It is important to note that a journalist must never tell a victim they understand what a victim is feeling. Sue Carter and Bonnie Bucqueroux write that it is however, acceptable to say ‘I’m sorry for your loss’. The victim may appreciate this remark as it is considerate and kind, but to assert that you know the pain they’re feeling is inappropriate.
Avoiding melodrama and sensationalism
Where a traumatic event has occurred, the journalist has the job of producing a realistic account of what happened. It is not for the reporter to dramatise the event and skew the facts.
In ‘Sensationalism- a distasteful part of media’ Deepak Kumar Mohanty writes that journalists have no right to depict gruesome images of victims and events, nor do they have the right to feature commentary that is lurid and overtly shocking. As members of society, Mohanty explains, reporters have a responsibility to avoid melodramatics by following ethical and moral standards.
The desire to gain more public attention does not make it acceptable to use melodrama to sensationalise a painful event. Hayley Surguy asserts that just as the public consumes the news, the media is still a business, relying heavily on the consumers’ craving for shocking and interesting information. This, she says, means journalists use sensationalism as ‘a clever business strategy’ to exaggerate an event to create dramatic, seemingly biased coverage.
This kind of over-dramatization must be rejected at all costs. Susan Yell reflects on the coverage of major Victorian bushfires. She believes that contemporary journalism has seen a shift towards emotional sensationalism to heighten the public’s reaction to natural disasters. Calling this ‘disaster porn’, Yell notes that many are critical of this kind of exploitation and the reporter’s ability to direct the story away from the facts.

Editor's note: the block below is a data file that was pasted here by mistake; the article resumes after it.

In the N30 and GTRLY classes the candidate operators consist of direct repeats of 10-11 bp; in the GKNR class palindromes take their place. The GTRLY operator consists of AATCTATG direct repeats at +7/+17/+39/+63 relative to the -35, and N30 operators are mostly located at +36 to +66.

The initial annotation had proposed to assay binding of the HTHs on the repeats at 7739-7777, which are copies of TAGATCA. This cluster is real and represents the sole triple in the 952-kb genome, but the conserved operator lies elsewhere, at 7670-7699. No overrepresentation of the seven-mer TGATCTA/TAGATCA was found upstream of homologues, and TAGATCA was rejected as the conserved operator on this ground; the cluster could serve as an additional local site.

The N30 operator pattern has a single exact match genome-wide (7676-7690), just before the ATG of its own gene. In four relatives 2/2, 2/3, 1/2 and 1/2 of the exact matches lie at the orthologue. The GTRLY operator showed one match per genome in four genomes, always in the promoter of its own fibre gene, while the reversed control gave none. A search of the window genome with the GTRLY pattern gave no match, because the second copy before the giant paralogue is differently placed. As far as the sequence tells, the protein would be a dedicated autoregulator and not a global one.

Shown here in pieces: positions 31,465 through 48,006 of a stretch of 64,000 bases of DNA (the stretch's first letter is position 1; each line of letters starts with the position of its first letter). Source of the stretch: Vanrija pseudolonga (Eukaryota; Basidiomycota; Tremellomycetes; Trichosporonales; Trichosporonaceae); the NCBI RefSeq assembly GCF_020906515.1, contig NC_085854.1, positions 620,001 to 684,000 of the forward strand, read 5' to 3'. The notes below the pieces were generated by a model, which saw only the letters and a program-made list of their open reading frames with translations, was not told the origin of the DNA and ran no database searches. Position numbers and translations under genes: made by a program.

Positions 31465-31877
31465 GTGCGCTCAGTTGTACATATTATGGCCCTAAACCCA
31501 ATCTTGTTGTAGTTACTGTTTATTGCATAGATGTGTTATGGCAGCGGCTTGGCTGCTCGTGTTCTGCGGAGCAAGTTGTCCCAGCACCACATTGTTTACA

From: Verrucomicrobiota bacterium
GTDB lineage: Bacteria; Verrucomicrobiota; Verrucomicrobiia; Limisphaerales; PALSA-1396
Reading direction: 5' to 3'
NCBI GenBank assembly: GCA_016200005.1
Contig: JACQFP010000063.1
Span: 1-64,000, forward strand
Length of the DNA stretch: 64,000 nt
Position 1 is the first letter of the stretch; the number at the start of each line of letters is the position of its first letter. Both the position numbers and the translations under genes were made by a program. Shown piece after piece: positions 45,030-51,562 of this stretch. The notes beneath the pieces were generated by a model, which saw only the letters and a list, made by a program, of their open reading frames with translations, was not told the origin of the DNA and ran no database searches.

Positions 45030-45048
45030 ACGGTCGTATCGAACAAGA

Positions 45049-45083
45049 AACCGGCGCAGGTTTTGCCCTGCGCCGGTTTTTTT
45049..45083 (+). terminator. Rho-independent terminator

When interviewing trauma victims, journalists must not exploit their pain and turn the subsequent story into a sensationalised, melodramatic affair. Stick to the facts, and use any interviews to provide sensitive insight into the event, rather than as a dramatic emotional appeal.
Accuracy and fact checking
In an article from The Australian, David Salter claims ‘the search for truth and accuracy lies at the heart of journalism’. This sentiment must apply to trauma reporting, as the sensitive nature of the journalism requires total professional accuracy.
In their time of devastation, an interviewee may be confused about the event and certain facts. As such, it is reasonable for a journalist to check their facts thoroughly. Spelling of names and places, dates, facts and quotes must be correct. It is wise to edit one’s work meticulously to avoid possible inaccuracies.
After the 2004 Boxing Day tsunami, Alan Knight delivered a speech in which he claimed that reporters should take extra care ‘not to bring to light inaccuracies, misleading or distorted material’. High-pressure, emotionally intense situations are extremely difficult for an individual, and journalists should acknowledge this by striving to correct any misinformation.
After careful discussion of the above four points, journalists are left with a checklist for trauma reporting that ensures the victim is treated with respect:
– When obtaining an interview, is the journalist honest about their intentions and is the interview reflected truthfully in the story?
– Has the journalist been sensitive towards the grieving individual, and have they respected their need privacy?
– Does the piece avoid sensationalism of the victim’s story, and has the journalist avoided dramatics?
– Has the journalist checked their piece for incorrect facts and misspelled words?
Following these guidelines will help to ensure the journalist conducts a comfortable, respectable interview that allows for the production of a meaningful story.
Brianna Martin is a second year Bachelor of Journalism student at La Trobe University.